Little v. United States

Annotate this Case

665 A.2d 977 (1995)

Terri Elizabeth LITTLE, Appellant, v. UNITED STATES, Appellee.

No. 93-CM-1146.

District of Columbia Court of Appeals.

Argued September 12, 1995.

Decided October 12, 1995.

Benjamin B. Klubes, Washington, DC, for appellant. Roberto Iraola and Barry Coburn, Washington, DC, filed a brief for appellant.

Paul A. Quander, Jr., Assistant United States Attorney, with whom Eric H. Holder, Jr., United States Attorney, and John R. Fisher, and Michael F. Tubach, Assistant United States Attorneys, were on the brief, for appellee.

Before: STEADMAN and REID, Associate Judges, and MACK, Senior Judge.

REID, Associate Judge:

Appellant, who was found guilty of simple assault after a bench trial, seeks a new trial on the ground that she did not knowingly and voluntarily waive her right to a jury trial. In the alternative, she argues that she *978 was illegally placed on unsupervised probation for one year because the trial court did not actually impose a sentence. The court suspended imposition of sentence and placed her on one year of unsupervised probation. For her alternative remedy, she asks that the portion of her sentence placing her on unsupervised probation be stricken. We conclude that appellant knowingly and voluntarily waived her right to trial by jury. We decline to address her alternative argument on the ground that it is not properly before this court. We affirm the decision of the trial court.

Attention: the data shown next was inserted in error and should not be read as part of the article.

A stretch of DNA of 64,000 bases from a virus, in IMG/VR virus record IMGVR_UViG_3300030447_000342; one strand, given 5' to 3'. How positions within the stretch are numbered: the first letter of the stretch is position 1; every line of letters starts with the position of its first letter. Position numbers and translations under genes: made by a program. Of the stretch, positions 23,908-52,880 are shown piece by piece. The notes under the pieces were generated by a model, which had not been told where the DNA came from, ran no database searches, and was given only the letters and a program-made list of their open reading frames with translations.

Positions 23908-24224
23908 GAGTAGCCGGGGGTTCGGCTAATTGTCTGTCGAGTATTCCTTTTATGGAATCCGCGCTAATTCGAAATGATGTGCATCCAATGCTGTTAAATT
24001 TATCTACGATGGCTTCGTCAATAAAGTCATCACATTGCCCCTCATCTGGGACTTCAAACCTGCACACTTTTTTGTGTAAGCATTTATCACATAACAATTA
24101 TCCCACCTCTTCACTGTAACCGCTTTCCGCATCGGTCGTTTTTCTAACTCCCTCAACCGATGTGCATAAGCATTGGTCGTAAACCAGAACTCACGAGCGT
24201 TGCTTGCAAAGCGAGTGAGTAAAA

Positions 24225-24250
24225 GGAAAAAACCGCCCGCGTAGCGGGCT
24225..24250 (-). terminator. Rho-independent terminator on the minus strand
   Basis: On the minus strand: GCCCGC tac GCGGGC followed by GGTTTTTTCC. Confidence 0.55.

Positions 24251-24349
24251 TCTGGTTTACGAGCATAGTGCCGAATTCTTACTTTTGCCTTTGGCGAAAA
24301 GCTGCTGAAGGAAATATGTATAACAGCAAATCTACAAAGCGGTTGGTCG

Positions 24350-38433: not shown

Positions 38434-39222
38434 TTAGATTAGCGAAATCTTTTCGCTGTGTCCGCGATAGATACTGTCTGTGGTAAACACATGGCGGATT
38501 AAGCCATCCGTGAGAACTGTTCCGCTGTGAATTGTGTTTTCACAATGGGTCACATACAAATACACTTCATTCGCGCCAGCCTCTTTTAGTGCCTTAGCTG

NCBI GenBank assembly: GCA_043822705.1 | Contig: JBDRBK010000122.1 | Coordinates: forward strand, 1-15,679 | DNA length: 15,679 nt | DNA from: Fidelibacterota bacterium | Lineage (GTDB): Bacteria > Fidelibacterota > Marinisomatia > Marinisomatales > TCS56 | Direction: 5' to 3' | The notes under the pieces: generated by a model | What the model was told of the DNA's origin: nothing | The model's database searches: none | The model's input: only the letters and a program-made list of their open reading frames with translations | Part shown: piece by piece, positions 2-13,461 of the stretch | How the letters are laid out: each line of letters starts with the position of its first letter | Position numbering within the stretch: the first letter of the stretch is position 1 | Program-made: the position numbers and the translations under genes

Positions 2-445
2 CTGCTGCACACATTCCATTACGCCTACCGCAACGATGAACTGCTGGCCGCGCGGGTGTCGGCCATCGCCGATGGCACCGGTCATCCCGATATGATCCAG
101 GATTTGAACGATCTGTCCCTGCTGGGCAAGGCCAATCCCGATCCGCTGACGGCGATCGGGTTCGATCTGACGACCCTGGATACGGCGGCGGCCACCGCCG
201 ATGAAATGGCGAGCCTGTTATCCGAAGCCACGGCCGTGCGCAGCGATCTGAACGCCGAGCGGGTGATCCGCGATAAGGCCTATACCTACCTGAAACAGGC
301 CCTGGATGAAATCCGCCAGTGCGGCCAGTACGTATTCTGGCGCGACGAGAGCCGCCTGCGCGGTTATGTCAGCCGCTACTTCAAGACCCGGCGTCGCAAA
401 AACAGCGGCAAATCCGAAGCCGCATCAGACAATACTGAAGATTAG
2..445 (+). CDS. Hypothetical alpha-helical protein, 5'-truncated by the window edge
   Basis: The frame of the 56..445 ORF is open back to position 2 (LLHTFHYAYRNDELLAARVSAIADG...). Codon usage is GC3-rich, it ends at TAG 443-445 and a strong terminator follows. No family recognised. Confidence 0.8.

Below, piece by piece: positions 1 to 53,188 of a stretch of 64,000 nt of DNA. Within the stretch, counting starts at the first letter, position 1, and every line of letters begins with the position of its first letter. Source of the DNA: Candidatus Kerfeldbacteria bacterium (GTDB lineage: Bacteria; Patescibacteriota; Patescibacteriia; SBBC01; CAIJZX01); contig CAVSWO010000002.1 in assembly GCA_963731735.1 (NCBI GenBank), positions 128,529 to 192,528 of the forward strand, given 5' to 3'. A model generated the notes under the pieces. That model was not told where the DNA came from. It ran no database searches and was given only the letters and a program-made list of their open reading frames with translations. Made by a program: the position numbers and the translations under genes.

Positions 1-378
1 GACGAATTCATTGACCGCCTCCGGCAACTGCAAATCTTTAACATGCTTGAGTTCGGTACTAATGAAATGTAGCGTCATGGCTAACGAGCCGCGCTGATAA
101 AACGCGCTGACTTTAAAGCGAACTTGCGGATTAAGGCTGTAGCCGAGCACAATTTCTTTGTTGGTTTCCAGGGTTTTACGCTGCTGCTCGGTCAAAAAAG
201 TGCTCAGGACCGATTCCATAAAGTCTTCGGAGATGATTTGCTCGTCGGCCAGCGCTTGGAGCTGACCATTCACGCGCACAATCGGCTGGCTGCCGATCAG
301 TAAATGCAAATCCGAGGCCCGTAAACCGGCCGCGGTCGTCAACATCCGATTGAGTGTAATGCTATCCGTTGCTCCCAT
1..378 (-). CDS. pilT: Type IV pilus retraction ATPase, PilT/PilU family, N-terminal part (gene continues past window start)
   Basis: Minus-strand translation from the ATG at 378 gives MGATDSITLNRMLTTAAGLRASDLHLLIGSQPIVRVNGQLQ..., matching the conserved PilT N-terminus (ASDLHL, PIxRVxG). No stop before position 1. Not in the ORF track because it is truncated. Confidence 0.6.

On May 14, 1992, appellant Terri Little was charged with simple assault, a violation of D.C.Code § 22-504. After a bench trial, held on January 8, 1993, Ms. Little was found guilty and, on the same day, the trial court suspended imposition of sentence and placed Ms. Little on unsupervised probation for one year. On April 7, 1993, Ms. Little filed a motion requesting that the trial court vacate her sentence and resentence her so that she could file a timely appeal.[1] Her motion did not mention the grounds on which she now appeals: 1) she did not knowingly and voluntarily waive her right to a jury trial; and 2) the trial court illegally placed her on one year of unsupervised probation.

The assault charge against Ms. Little and the appeal of her conviction stem from the following. On Sunday, August 11, 1991, Ms. Little went to the Union Wesley A.M.E. Zion Church to speak with the complaining witness, Ms. Zondi Bears-Datcher. Ms. Little testified that she went to the church to relay a message to Ms. Bears-Datcher from her estranged husband who at the time was incarcerated. Ms. Little claimed to be Mr. Datcher's friend. The two women became involved in an altercation at the church and had to be separated. Their trial accounts of what happened differed. Ms. Bears-Datcher claimed that she was physically assaulted by Ms. Little without provocation, and that she received scratches and bruises on her body. Ms. Little asserted that Ms. Bears-Datcher was the aggressor who grabbed her hair. The trial court resolved the conflicting testimony in favor of the complaining witness, Ms. Bears-Datcher.

Prior to the bench trial on January 8, 1993, the court posed questions to Ms. Little concerning her right to a jury trial since no waiver had been filed. The court asked: "You understand, Ms. Little, you have a right to a jury trial on this charge?" Ms. Little responded: "Yes." The trial judge then said: "I understand you want to give up that right and have a trial before the Judge, is that right?" Ms. Little replied: "Yes." Ms. Little then signed a waiver form. Later, on the same day and prior to trial, the court stated: "I believe everyone signed the waiver form forthat is a waiver for a trial by jury." When both counsel for the United States and for Ms. Little answered in the affirmative, the court asked: "Both sides consent to that?" Counsel for the United States said: "Yes, sir." Counsel for Ms. Little did not respond separately, but did not raise any question about the waiver before or after trial.